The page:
Prince William on his final shift as air ambulance pilot

Prince William on his final shift as air ambulance pilot

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LONDON (AP) — Prince William will complete his final shift in his job as an air ambulance pilot Thursday as he gets ready to take on more extensive royal duties.

The heir to the British throne is working the night shift at the East Anglian Air Ambulance, where he has been flying medical crews to emergencies such as traffic accidents for about two years.

"As I hang up my flight suit, I am proud to have served with such an incredible team of people, who save lives across the region every day," he wrote in an exclusive story in the Eastern Daily Press, a newspaper that serves the community near the ambulance service's base at southern England's Cambridge airport.

The announcement closes a chapter for William, 35, who is leaving the skies to return to formal duties as Britain's future king. As the older generation of royals slows down, the younger members of the family are taking a greater number of official roles, such as foreign trips and other appearances.

The prince's move is also about location. William and his wife, the former Kate Middleton, will be spending less time in their Norfolk residence and be carrying out more duties in London, where their 4-year-old son, Prince George, is due to start school.

Despite William's change in role, he said what he has seen as an ambulance pilot changed his perspective.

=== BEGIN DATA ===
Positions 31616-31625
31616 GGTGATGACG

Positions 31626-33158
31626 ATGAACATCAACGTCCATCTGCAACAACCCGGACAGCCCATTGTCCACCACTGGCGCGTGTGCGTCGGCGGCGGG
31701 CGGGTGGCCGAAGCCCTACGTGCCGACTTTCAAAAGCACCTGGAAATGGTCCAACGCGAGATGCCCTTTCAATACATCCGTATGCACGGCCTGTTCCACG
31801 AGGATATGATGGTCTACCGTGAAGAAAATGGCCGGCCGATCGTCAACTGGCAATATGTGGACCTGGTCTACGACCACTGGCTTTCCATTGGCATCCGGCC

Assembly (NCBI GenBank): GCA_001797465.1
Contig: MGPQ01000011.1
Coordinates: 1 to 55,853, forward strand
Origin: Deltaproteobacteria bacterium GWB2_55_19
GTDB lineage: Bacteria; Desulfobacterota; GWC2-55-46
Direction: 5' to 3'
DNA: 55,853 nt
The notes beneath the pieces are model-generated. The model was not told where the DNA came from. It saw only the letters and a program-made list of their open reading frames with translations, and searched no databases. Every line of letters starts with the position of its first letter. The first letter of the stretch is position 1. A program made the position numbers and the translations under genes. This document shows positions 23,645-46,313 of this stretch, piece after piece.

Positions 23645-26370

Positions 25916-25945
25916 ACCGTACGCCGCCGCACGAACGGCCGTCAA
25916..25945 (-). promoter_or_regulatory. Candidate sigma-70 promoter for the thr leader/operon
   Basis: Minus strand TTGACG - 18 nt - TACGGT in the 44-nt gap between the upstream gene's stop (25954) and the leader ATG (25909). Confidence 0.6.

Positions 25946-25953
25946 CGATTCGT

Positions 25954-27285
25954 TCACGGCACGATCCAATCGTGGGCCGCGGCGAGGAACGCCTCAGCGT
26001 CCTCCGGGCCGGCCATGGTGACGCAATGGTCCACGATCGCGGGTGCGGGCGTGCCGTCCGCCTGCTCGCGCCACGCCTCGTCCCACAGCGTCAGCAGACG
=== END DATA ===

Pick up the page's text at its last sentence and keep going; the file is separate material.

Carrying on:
"I have had experiences in this job I will carry with me for the rest of my life, and that will add a valuable perspective to my royal work for decades to come," he said in January.

His team assisted people in life-threatening moments such as a heart attack or a car crash. William was glad he could contribute and be part of a team that changed people's lives.

"I have been invited into people's homes to share moments of extreme emotion, from relief that we have given someone a fighting chance, to profound grief," he said.

William also said his interest in mental health issues partly stemmed from coming into contact with the subject of suicide as an ambulance pilot.

"One of the first call outs I made was to a young man who had committed suicide; it was an incredibly tough day and had a profound effect on all of us, not least in my determination now to draw attention to this issue," William wrote in Thursday's statement. That interest recently crystallized as the Heads Together campaign, which encourages people to speak about their problems.

On some occasions, the prince's job caused some amusing misunderstandings.

Once, the ambulance service came to the aid of Jim Schembri, an ex-serviceman who was hurt when a tree branch fell on him in March 2016. Schembri was casually chatting with the prince when he realized his identity.

"When they loaded me into the helicopter I said, 'William had better not be flying this' and he said: 'I've been holding your head for the last half an hour.' I was totally shocked," Schembri told the Daily Express.

If William took the job to be part of a team — a regular working pilot — he succeeded, according to the ambulance service's chief executive, Patrick Peal. The chief will remember William not as a royal, but a "fantastic pilot."

"To us, he has simply been another hard-working member of the team," Peal wrote.

Copyright © The Associated Press. All rights reserved. This material may not be published, broadcast, rewritten or redistributed.


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